Unfortunately such pure moments of sensation don’t last. Much too frequently you are faced with a jump or other obstacle that slows you down, that seems for a moment impossible to pass.  A section that will inevitably lead to trial and error and death, repeated, unpleasant and rarely educational death.

At the heart of both those moments of total engagement and those of controller-snapping frustration lies a control system and movement list that is at once straightforward, intuitive and barely explained.

Beyond standard first person analog movement and camera controls there are only three buttons required for navigation of the environment; up, down and a 180 degree turn. Combinations of these are all that’s required to pull off even the most complex sequence of jumps and climbs. It’s context sensitive yet strangely intuitive. The simplicity of control strengthens the connection between you and Faith. Up is always up. Standing still it’s a simple jump, moving forward at speed it becomes a leap. Running towards a wall it’s a climb. Fast enough and you’ll take several steps up the wall before grabbing the top, too slow and you’ll clamber up and hang there.

This allows you to feel capable and skilled from the very beginning. Within minutes you are being asked to perform tricky manoeuvres and pulling them off with speed and style. Mirror’s Edge succeeds in making you feel skilled very quickly. The downside to this is that the tutorial only provides information on the more basic movements, with little subsequent reinforcement of those lessons. It is easy to forget certain options are available and therefore become frustrated when faced with an obstacle that requires a rarely used part of your movement vocabulary; Faith’s ability to press herself through narrow gaps, or jump backwards from a wall run being the most common culprits.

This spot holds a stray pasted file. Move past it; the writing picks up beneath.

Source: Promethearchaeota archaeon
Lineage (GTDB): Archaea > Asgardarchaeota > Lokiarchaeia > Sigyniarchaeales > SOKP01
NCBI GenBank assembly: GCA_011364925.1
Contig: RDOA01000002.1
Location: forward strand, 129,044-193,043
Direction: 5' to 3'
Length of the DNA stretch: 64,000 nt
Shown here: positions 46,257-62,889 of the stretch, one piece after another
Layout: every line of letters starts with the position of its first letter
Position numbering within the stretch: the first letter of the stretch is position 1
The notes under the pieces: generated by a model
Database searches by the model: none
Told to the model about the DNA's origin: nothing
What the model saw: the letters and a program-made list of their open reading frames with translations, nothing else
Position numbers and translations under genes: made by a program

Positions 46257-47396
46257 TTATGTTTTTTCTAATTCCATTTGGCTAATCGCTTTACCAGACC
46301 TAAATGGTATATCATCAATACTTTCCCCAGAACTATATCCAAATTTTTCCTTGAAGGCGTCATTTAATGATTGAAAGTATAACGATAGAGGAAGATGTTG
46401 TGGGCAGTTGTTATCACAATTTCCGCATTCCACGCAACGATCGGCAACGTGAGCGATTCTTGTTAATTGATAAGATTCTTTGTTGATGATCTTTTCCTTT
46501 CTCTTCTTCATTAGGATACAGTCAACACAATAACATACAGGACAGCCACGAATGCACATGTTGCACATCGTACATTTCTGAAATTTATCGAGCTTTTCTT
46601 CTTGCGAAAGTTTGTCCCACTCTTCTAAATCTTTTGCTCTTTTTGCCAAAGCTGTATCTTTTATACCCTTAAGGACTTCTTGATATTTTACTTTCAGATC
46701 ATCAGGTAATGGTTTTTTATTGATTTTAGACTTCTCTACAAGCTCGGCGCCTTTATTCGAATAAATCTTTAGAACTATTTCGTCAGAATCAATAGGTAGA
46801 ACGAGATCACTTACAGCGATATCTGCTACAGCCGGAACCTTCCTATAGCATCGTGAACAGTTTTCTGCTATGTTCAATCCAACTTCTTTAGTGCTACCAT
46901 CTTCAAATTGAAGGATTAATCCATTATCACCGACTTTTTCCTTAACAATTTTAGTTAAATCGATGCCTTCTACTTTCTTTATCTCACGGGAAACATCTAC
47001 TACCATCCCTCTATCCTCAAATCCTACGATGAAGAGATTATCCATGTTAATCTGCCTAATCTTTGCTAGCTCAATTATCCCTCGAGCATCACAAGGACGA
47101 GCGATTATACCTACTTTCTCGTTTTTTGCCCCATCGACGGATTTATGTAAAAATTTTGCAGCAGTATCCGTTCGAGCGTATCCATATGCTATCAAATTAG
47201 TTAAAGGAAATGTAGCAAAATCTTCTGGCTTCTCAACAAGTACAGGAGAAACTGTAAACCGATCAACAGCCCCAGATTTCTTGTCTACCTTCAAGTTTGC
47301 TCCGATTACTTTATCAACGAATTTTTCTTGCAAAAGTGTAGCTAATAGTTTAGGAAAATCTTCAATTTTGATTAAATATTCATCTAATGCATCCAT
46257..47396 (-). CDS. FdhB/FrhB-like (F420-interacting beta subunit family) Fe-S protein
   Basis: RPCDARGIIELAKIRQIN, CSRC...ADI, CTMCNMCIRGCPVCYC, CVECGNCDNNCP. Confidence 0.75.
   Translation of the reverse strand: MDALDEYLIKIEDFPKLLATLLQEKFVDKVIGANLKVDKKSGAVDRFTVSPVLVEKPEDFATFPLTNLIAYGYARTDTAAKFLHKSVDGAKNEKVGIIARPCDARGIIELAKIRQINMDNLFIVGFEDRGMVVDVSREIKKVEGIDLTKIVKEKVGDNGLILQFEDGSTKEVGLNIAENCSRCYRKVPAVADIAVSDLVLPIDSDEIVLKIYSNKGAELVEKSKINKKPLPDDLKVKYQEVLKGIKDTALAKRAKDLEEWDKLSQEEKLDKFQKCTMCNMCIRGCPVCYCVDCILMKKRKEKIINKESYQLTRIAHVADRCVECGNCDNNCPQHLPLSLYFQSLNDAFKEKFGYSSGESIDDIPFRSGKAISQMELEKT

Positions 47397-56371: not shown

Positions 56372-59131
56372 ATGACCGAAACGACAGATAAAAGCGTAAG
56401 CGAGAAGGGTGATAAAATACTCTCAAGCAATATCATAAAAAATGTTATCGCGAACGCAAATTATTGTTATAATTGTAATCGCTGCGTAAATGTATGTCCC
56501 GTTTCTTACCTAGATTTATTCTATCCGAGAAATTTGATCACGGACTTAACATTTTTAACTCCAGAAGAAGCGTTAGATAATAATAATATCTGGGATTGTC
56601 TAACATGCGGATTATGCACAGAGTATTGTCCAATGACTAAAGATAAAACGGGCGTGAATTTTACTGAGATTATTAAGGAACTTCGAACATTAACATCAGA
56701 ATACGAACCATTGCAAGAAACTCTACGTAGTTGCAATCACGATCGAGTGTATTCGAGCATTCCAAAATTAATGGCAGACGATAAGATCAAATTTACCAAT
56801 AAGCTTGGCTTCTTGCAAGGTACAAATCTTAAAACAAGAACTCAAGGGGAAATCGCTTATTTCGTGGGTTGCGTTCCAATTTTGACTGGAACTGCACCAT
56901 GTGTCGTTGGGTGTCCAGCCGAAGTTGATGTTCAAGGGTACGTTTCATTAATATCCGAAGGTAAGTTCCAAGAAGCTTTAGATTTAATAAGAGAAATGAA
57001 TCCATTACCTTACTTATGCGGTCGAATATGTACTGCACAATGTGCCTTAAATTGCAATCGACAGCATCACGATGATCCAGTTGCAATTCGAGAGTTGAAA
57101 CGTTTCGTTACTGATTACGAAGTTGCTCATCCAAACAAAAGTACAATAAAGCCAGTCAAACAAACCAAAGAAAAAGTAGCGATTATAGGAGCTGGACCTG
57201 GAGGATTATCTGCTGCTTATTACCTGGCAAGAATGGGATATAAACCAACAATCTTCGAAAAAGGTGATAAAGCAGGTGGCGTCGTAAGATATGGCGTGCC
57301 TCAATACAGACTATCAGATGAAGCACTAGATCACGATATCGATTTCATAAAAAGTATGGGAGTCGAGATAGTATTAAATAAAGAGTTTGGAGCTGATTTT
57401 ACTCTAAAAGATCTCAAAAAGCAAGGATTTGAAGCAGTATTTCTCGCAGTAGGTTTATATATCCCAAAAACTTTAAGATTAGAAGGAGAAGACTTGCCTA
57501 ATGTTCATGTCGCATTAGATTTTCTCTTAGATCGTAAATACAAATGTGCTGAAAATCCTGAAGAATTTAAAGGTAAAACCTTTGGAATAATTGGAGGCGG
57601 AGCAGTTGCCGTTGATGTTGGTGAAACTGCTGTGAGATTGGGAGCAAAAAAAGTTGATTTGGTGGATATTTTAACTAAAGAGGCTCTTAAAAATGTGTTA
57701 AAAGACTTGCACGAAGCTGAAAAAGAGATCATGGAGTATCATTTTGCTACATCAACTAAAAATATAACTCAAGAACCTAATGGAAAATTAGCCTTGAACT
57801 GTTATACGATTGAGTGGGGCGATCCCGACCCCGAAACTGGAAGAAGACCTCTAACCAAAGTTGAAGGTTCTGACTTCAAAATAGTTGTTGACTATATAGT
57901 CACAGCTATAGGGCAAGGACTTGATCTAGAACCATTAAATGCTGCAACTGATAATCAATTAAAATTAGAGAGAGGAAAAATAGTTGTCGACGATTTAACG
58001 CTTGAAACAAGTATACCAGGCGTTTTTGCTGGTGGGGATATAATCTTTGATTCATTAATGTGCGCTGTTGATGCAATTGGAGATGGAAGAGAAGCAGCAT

Besides these moments the only movements required for the majority of the game are variations on jumping, ducking, and wall running. With the need to only think about these base abilities movement at speed quickly becomes instinctive. Almost every obstacle can be overcome with one of these and enough momentum. Here is the core of Mirror’s Edge, conservation of momentum. The need to keep moving; to keep your speed high and carry it through into each subsequent move. It’s a vital concept that is described once early in the game and never expanded upon. There is little education or reinforcement regarding which moves help to conserve momentum and which don’t. This lack of clarity is compounded by the need to approach certain obstacles with a counter intuitive thought process. In order to retain the most momentum there are times where it is better to avoid the obvious path, sprinting around otherwise scalable obstacles because the direct path will slow you down too much.

With every ability available to you from the start the skill comes not from working out the required route but in finding and following a path that allows you to keep moving. It is a game to be played at full speed, every new rooftop analysed in the time it takes to make the leap onto it. The path over, under or around each obstacle selected moments before you reach it, will your momentum take you up over it or do you need to dart around the side? Keep moving, stop and you’re dead. There is barely time to look before you leap and what little you have needs to be spent looking ahead to the next jump. Everything has to be done two moves in advance, no time to look around when you get to the other side, you need to be moving, if you don’t they’ll be on you.